I’m not going to face what Stephen faced in my lifetime.  Most of us won’t.  But, I want to live like he did in my context – with my family, with my friends, and in my work.

What about you?   Do you need a sign on your computer or wall?  What would it say?

My Monday To-Do List


Mondays can be hard, getting back to work and all. But they hold such possibility, days stretched out ahead. I want my Sunday to roll right into my Monday and on into my Tuesday, and so forth. I don’t want to live for Friday, waiting out the long hours of the other days, just hoping to make it.  So, although I’ve got a to-do list for this week that could take me a month to work through, I’ve added these six things at the top of the list:

I’m expecting to encounter God today. Every time I have an encounter with God, whether it is through another person, in Scripture, in nature, or within my own heart, it surprises me. I cannot make God respond to me or answer a prayer, but somehow, when I walk in the world with my eyes up instead of buried in my thoughts or my smartphone, I can’t help but see him all around me. I expect to encounter him today.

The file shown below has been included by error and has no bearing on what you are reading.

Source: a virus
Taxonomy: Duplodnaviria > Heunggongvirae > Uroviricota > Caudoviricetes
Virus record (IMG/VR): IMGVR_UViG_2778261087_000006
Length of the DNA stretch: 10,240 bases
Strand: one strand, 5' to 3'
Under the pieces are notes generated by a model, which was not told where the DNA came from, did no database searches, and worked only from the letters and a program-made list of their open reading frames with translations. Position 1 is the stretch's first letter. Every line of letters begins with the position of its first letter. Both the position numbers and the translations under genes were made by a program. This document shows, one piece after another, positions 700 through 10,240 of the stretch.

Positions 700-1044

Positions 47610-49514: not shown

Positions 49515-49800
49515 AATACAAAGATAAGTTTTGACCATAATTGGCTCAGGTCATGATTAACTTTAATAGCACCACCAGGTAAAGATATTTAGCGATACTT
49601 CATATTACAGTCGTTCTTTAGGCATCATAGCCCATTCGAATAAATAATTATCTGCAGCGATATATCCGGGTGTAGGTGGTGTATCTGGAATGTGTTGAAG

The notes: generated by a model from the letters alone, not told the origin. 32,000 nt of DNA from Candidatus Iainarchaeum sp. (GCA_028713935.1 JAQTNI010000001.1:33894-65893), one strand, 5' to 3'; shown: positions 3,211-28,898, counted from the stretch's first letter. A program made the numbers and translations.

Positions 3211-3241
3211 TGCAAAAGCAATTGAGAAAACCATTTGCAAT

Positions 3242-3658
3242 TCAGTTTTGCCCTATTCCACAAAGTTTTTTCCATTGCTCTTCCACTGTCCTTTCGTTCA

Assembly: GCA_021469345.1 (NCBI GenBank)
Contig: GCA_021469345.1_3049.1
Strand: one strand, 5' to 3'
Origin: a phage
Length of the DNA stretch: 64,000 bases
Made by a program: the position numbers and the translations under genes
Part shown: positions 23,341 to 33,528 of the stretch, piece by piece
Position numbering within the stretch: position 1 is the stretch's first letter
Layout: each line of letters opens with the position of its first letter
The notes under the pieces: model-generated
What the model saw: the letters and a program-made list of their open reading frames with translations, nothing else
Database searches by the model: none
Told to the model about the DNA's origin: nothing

I’m reading Scripture out loud to myself. There are some things I need to remember when I start a day (and a week) because each day seems to start with new insecurities about who I am and whose I am. Today and each morning this week, I’m reading Romans 8:1-2 out loud to myself because I need to hear it:

Therefore, there is now no condemnation for those who are in Christ Jesus, because through Christ Jesus the law of the Spirit who gives life has set you free from the law of sin and death.

I’m asking: “What would love do in this situation?”  I will probably see and talk to about 10-15 people today. In each encounter, I will ask myself: “What would love do in this situation?”  And, whatever the answer, I’m doing it.